Based on alpha diversity analysis, PCoA analysis, and hierarchical clustering tree results, seed dimorphism had no significant impact on diversity indices as a whole, it influenced significantly the relative abundance of endophytic bacterial taxa between brown and black seeds. Our comprehensive comparison revealed that the relative abundances of endophytic bacterial communities of dimorphic seeds were significantly different from each other at phylum, class, order, family and genus level. At the phylum level, we observed 9 phyla. Interestingly, the relative abundance of Actinobacteria was higher in brown seeds than in black seeds, which means Actinobacteria may be enriched in brown seeds. This might attribute to brown seeds with single-layer membranous seed coat and fast germinability were easily susceptible to soil-borne pathogens compared to black seeds, while Actinobacteria may protect brown seeds against pathogens and promotes plant growth [61, 62]. Gripenberg et al.  found that there was a potential trade-off between seed chemical and mechanical defense, polyphenols are one of the most common seed defenses, which are most likely to be present in large seeds with short seed dormancy and low investment in mechanical seed defense. Compared to black seeds with high investment in mechanical seed defense (two layers seed coat, including hard exotesta and soft, membranous endotesta), brown seeds had a high level of phenolic content. Hence, we speculated that a high abundance of Actinobacteria, combined with high levels of total phenols, can protect brown seeds from pathogens in the soil.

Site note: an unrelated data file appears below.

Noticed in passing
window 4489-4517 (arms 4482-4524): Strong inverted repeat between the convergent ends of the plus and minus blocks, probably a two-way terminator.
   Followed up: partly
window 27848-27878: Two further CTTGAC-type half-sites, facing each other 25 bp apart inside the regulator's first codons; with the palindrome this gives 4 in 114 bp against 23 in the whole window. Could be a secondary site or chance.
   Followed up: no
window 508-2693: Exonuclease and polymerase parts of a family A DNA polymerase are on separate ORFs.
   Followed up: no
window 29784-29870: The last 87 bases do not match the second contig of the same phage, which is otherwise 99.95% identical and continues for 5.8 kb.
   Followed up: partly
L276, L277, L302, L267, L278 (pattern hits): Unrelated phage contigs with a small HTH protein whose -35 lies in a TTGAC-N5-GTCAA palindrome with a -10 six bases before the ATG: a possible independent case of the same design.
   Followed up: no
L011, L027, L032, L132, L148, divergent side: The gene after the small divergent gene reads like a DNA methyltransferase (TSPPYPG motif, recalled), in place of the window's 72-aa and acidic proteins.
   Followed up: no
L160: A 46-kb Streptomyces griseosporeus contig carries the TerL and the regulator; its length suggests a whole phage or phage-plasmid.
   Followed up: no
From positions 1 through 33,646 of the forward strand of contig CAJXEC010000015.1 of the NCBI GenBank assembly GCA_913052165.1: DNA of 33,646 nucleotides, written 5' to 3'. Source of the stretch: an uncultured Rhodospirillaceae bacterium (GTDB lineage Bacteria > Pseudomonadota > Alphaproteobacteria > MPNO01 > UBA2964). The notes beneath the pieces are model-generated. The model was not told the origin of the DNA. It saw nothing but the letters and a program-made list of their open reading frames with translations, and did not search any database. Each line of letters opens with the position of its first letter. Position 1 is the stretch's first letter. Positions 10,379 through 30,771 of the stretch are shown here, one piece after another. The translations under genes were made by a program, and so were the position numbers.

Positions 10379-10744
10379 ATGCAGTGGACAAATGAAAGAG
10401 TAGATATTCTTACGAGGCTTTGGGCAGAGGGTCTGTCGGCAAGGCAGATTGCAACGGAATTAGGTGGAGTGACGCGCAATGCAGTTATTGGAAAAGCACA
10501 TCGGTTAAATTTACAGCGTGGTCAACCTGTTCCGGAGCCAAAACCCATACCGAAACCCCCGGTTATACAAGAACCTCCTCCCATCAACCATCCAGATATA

At the genus level, 5 genera of the 8 dominant genera possessed significant differences between brown and black seeds. Rhodococcus, Ralstonia, Pelomonas, Bradyrhizobium and Marinilactibacillus exhibited a significant difference between the two groups. Notably, we found that Rhodococcus, Ralstonia, Pelomonas and Bradyrhizobium tend to be enriched in brown seeds and present in high proportion compared to black seeds. Our results revealed that Rhodococcus erythropolis, Ralstonia solanacearam, Pelomonas (species unclassified) and Bradyrhizobium elkanii, were the dominant species in brown seeds (Fig. S2). Rhodococcus have been found living in close association with various plant parts, such as the rhizosphere , phyllosphere [65, 66] and endosphere [67,68,69,70]. R. erythropolis can colonize plant roots , and also prevent plant disease by degrading N-acyl-homoserine lactone signaling molecules . Moreover, several members of the genus Rhodococcus also show plant growth-promoting activities, including ACC deaminase, IAA production, siderophore production and phosphate solubilization [72,73,74,75]. Some strains of the genus Pelomonas were detected in the endosphere of Typha angustifolia  and reported to fix nitrogen . Bradyrhizobium, a genus of Gram-positive that was initially proposed as a group of slow-growing, alkaline-producing root nodule nitrogen-fixing bacteria . B. elkanii isolated from the root nodules of Acacia confusa, exhibit the nitrogen-fixing ability and can enhance the growth and root development of A. confuse . Numerous studies revealed that endophytic bacteria can improve plant fitness by enhancing nutrient mobilization, nitrogen fixation, phosphate solubilization and conferring resistant against pathogens [27, 80]. Thus, we speculated that brown seeds harbor a large number of microorganisms with plant growth-promoting (PGP) traits, which contribute to the establishment and development of seedlings of brown seeds. Since brown seeds without dormancy behavior were the main source of early spring seedling of S. glauca . In addition, we also detected strains of Ralstonia in brown seeds, such as R. solanacearam, which is an important soil-borne plant pathogen . Taken together, it seemed that brown seeds served not only as a host for diverse plant-probiotic bacterial strains but also for putative opportunistic pathogenic bacteria.